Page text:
Rhode Island Archival and Manuscript Collections Online

For Participating Institutions

Tom Powers collection of Bill Wilson public talks (Ms.2010.002)

Brown University Library

Box A
Brown University
Providence, RI 02912
Telephone: Manuscripts: 401-863-3723; University Archives: 401-863-2148
Email: Manuscripts: hay@brown.edu; University Archives: archives@brown.edu

Biographical note

Bill Wilson ("Bill W.") (1895-1971) was an intellectually gifted and severely alcoholic man whose career prospects had been all but ruined by his drinking. Through a friend he discovered the teachings of the Oxford Group, whose conservative Christian principles stressed personal accountability and surrender to God. After he and Dr. Bob Smith, also an alcoholic Oxford Group member, had successfully guided others to sobriety using these tenets they published their Twelve Step recovery plan in a book titled Alcoholics Anonymous: the story of how many thousands of men and women have recovered from alcoholism (New York, Works Pub., 1938). An organization of the same name was formed which now counts millions of active members worldwide.

Bill Wilson married Lois Burnham in 1918. Lois eventually began Al-Anon Family Groups, which include Al-Anon and Alateen, to address the issues faced by those living with alcoholics. Bill and Lois bought the Stepping Stones estate in Katonah, New York, in 1941 and lived there until their deaths in 1971 and 1988, respectively.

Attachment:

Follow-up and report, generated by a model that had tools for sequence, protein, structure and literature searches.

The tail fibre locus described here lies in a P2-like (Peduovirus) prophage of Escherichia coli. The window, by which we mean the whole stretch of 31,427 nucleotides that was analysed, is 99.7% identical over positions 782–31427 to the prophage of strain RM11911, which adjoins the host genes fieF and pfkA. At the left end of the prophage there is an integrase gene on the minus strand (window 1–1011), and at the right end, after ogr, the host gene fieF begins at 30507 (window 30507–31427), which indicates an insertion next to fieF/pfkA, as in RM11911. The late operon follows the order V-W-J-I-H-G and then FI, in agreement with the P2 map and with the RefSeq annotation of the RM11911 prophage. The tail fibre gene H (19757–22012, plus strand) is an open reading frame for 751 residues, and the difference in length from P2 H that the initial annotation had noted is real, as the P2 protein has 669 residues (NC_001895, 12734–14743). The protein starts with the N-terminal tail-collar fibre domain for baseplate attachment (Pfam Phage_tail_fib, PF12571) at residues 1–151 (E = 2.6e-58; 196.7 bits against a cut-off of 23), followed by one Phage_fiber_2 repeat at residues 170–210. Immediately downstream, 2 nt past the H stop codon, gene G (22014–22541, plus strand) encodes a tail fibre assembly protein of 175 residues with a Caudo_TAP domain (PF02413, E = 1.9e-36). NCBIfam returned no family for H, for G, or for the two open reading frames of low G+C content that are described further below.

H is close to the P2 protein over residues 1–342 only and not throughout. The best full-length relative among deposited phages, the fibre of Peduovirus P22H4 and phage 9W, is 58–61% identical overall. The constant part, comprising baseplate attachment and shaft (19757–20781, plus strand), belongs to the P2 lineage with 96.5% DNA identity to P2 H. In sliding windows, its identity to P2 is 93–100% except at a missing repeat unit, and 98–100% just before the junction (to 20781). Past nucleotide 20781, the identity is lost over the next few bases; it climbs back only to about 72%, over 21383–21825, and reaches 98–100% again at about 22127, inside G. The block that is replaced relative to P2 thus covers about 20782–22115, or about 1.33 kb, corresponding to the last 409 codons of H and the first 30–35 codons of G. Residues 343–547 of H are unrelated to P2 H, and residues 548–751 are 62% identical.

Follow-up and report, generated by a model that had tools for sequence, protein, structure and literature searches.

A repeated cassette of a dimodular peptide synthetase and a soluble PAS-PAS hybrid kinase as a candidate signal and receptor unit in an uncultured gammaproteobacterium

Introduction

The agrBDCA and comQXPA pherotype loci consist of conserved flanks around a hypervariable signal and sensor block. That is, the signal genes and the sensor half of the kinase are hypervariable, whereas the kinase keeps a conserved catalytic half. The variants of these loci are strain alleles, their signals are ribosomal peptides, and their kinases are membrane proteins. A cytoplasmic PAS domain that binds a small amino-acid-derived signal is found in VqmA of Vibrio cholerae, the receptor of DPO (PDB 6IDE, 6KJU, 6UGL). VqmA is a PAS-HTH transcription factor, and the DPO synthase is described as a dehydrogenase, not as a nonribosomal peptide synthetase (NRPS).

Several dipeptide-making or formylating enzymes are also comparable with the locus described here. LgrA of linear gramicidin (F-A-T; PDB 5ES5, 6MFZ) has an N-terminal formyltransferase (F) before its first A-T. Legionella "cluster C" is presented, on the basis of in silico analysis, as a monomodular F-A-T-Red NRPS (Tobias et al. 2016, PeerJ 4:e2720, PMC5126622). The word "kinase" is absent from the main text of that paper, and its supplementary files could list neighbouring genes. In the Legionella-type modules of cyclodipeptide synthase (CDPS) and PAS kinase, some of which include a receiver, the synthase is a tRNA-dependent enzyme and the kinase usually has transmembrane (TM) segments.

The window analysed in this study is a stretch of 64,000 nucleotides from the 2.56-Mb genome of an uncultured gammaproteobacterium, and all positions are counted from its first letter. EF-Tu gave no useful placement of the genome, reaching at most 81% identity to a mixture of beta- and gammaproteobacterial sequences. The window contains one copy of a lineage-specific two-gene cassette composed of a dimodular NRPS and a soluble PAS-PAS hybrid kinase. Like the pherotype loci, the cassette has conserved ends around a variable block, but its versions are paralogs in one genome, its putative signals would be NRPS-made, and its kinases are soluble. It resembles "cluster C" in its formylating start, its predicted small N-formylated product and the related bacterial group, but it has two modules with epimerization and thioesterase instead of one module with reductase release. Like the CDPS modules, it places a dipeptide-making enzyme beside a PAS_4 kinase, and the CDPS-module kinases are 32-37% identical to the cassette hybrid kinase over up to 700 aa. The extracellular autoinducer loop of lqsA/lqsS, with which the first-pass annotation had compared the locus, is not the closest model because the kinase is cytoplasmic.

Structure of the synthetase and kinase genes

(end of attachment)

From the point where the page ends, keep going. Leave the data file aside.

Tom Powers (1911-2005) attended his first Alcoholics Anonymous meeting in White Plains, New York, in October, 1941. After several unsuccessful hospitalizations Powers remained a hardened alcoholic and drug addict, and his initial success in AA was seriously compromised by his atheism. Despite attending AA meetings he soon began to drink again, and again he ended up in the hospital. There he began the serious reconsideration of AA's Twelve Step Program and his own belief in God that grew into his book Invitation to a Great Experiment (Garden City, N.Y., Doubleday, 1979). With Bill Wilson as his sponsor Powers became sober in October 1946, eventually assisting in the editing of the Big Book, second edition. Powers always considered Bill Wilson to be his sponsor but he later disassociated from Wilson over allegations about Wilson's marital infidelity.

Tom Powers is credited with applying the Twelve Step Program to the treatment of other addictions such as drugs, eating and sex. After his break with Bill Wilson he moved to Hankins, New York, in 1961 where he established the East Ridge clinic whose principles of recovery would eventually become All Addicts Anonymous (AAA).


Tom Powers. "The Program Is a Life Jacket" from StepStudy.org http://stepstudy.org/2009/06/21/the-program-is-a-life-jacket-by-tom-powers/

Tom P.'s Recovery Story at AllAddictsAnonymous.org http://alladdictsanonymous.org/recoverystory_tom.htm